Principle 5 Business, Supply Chain, and Marketing Practices
Key Element B Procurement

Learn more 

Procurement policies and practices set the standards for supplier selection and can ensure that women have an opportunity to participate. This in turn can help create opportunities for women's employment and entrepreneurship. Studies increasingly demonstrate that women's economic growth goes hand-in-hand with broader economic development. When women have the opportunity to develop and launch businesses, for instance, countries can reap tremendous benefits. It is particularly important to pay attention to fair credit practices and lending terms which can help stimulate the economy by allowing entrepreneurs, many of whom are women, build lines of credit and graduate to larger loans and conventional finance mechanisms. Women-owned businesses offer unique insights into areas such as product development and distribution, advertising and marketing strategies, and emerging customer and market opportunities.

There are 5 indicators for this element.
Indicator 1

Extend the organization's non-discrimination policy to all supply chain, vendor, and procurement contracts.

Implementation level
Indicator 2

Analyze the organization's procurement practices for total amount and percentage spent on first and second-tier suppliers that are verified women-owned enterprises.

Implementation level
Indicator 3

Require the consideration of women-owned enterprises in all supply chain and procurement decisions and contracts. Utilize procurement fairs, supplier rotational programs, and lists of certified women-owned suppliers.

Implementation level
Indicator 4

Identify a "women's enterprise champion" within the organization to target women-owned enterprises and help them access resources, such as credit, contacts, and training. Offer a supplier mentoring program and highlight success stories.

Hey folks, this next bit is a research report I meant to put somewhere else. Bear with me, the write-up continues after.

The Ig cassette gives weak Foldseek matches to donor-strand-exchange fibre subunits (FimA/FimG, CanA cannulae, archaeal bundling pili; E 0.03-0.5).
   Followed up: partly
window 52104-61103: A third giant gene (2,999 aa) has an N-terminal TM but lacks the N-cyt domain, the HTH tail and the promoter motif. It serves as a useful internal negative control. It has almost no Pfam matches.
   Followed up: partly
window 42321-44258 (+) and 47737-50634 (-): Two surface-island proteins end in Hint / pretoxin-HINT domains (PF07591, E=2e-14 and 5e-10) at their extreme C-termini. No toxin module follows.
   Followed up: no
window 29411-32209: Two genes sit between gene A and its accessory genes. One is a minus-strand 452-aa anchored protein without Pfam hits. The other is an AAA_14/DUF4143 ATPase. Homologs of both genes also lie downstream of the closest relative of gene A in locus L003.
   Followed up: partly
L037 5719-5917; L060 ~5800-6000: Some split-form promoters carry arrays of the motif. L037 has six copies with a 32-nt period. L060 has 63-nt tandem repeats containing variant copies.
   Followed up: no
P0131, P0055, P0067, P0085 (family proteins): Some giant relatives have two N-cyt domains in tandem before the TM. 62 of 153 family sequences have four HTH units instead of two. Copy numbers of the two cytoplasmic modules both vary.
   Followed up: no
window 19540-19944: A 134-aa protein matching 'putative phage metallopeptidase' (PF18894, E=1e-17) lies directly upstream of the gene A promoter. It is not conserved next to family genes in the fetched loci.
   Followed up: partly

Implementation level
Indicator 5

Set measurable targets to increase the use of women-owned enterprises and tie supplier diversity goals and achievements to performance evaluations and compensation.

Implementation level

Save your entries      Finalize this AssessmentYou cannot change your answers if you click Finalize.     Next Key Element »    Return to Assess Your Workplace

Resource overview icon  Assess Your Workplace

Implementation explanation icon  About implementation levels

Next steps icon  Next Steps

Top resources for this Principle

Show all for this Principle

Accelerating Gender Parity: A Toolkit
This toolkit is for businesses and other stakeholders interested in accelerating gender parity. Article. pdf, 155KB Added 10/23/2017

The Business of Empowering Women
This report presents a case for why and how the private sector can intensify its engagement in the economic empowerment of women in developing countries and (More...)
emerging markets. The report draws on insights from interviews with more than 50 leaders and experts in the private and social sectors who focus on women's empowerment, as well as findings from a global survey of nearly 2,300 senior private sector executives, among others. (Hide)
Article. pdf, 1463KB Added 4/8/2010

Sustainable Supply Chains: Resources and Practices
The United Nations Global Compact Sustainable Supply Chains website is a one-stop-shop for business seeking information about supply chain sustainability. On this website, you will find (More...)
information designed to assist business practitioners in embedding sustainability in supply chains. In particular, the website presents information about sustainable supply chain: 1) Initiatives, programs, codes, standards and networks, 2) Resources and tools, and 3) Case examples of company practices. The articles are searchable by issue area, sector, region and practice category. Companies can also share information about their supply chain initiative or resource by registering on this website. (Hide)